BALTIMORE -- The players are older now, moving slower than they did during their glory days of the mid-1960s. That did not matter to the crowd at Oriole Park before the Orioles' series opener with the Angels on Friday night. They wanted to once more see their heroes who pulled
BALTIMORE -- The players are older now, moving slower than they did during their glory days of the mid-1960s. That did not matter to the crowd at Oriole Park before the Orioles' series opener with the Angels on Friday night. They wanted to once more see their heroes who pulled off one of the greatest surprises in baseball history 50 years ago.
In 1966, the Orioles stunned the Dodgers and the baseball world by sweeping Los Angeles in four games when they met in the World Series. That shocker put Baltimore on the map for baseball and started a stretch where the Orioles made it to the World Series four times in six years -- winning twice -- and became one of the sport's top franchises.
But even though the Orioles won at least 100 games in three straight years (1969-71) plus a World Series title ('70), that first team holds a special meaning for the players and fans. Thirteen players and coaches from the '66 squad returned to Baltimore on Friday to mark the special 50-year anniversary.
There were events earlier in the day, and then more before the game. The Orioles showed an approximately 40-minute video about the '66 World Series on the video board, with fans in the stands often cheering at the big plays. They gave the entire group a standing ovation after a pregame ceremony to recognize them.
"In '66, we just had the best team -- that's all," said Hall of Fame third baseman Brooks Robinson. "So that was big. That was a dream come true for me. It's hard to win. It's not easy. It's so many players who never get a chance to experience that. To me, that's what it was all about."
Former coach Billy Hunter and some of the other players talked about how the original scouting report on the Dodgers said to be careful about throwing them fastballs. But manager Hank Bauer found out giving them fastballs actually might be the right way to go.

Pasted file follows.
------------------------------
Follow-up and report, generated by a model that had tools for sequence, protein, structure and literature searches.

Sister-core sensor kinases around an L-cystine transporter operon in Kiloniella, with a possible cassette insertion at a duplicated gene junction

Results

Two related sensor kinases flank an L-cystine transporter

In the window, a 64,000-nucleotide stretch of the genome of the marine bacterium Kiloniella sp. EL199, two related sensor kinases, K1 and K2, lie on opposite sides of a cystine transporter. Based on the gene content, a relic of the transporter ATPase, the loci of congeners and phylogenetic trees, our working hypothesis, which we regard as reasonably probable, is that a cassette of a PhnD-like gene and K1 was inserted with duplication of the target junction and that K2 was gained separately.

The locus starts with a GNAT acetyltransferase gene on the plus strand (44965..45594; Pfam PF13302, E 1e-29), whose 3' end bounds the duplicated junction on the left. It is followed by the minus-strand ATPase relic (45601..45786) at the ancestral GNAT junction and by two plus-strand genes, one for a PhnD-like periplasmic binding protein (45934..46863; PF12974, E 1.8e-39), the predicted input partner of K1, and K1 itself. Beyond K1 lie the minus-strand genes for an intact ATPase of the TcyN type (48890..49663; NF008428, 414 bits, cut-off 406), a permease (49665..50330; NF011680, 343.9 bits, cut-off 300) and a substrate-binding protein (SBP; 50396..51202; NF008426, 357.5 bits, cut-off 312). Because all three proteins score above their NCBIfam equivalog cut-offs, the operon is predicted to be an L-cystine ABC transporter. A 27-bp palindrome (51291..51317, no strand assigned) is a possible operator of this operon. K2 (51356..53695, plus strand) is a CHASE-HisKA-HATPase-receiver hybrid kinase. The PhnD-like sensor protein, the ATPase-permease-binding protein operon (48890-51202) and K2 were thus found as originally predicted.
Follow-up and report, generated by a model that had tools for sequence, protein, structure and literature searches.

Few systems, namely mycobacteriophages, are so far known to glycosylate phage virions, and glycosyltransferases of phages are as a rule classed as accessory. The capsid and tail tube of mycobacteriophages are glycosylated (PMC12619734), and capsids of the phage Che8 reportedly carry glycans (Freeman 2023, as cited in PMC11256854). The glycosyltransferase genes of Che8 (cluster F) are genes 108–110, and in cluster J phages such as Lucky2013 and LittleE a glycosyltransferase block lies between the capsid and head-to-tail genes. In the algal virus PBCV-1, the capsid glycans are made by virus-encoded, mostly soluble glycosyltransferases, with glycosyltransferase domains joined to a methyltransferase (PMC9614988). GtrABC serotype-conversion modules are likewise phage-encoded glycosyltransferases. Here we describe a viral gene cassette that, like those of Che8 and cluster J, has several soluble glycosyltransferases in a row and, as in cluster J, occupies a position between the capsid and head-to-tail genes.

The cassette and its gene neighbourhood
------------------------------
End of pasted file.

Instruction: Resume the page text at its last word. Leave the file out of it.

Moe Drabowsky backed up that theory when he came on in relief of Game 1 starter Dave McNally in the third inning and struck out 11 in 6 2/3 innings of shutout relief en route to a 5-2 victory. The Orioles pitchers stuck with feeding the Dodgers a steady diet of fastballs after that, a big reason 20-year-old Jim Palmer pitched well the next day en route to a 6-0 victory over Hall of Famer Sandy Koufax.
"That was a big-boy moment," said Palmer, also a Hall of Famer. "It was the big stage. It's pretty surreal to go into a World Series for the first time. I don't care if you're young or old."
Boog Powell, the Orioles' first baseman, said Koufax didn't intimidate the team. They just tried to battle him, and Powell had a plan -- which worked as he posted two hits and drove in a run.
"The rule of thumb when you were facing Koufax was make him start the ball at your knees," Powell said. "If the ball started at your knees, it was probably going to be chest-high when it got to you. If he started at your waist ... it was going to be eye-high. So just make it be down when he started it, and then you've got to go."
The Orioles then went back to Baltimore and won the final two games by the same 1-0 score. Wally Bunker took Game 3, and McNally finished it off in Game 4. The Orioles used just four pitchers in the whole Series, a fact that made current manager Buck Showalter shake his head.
"Come on, man, we used four in the third inning," Showalter said with a smile. "That's amazing."
Even 50 years later.
Jeff Seidel is a contributor to MLB.com.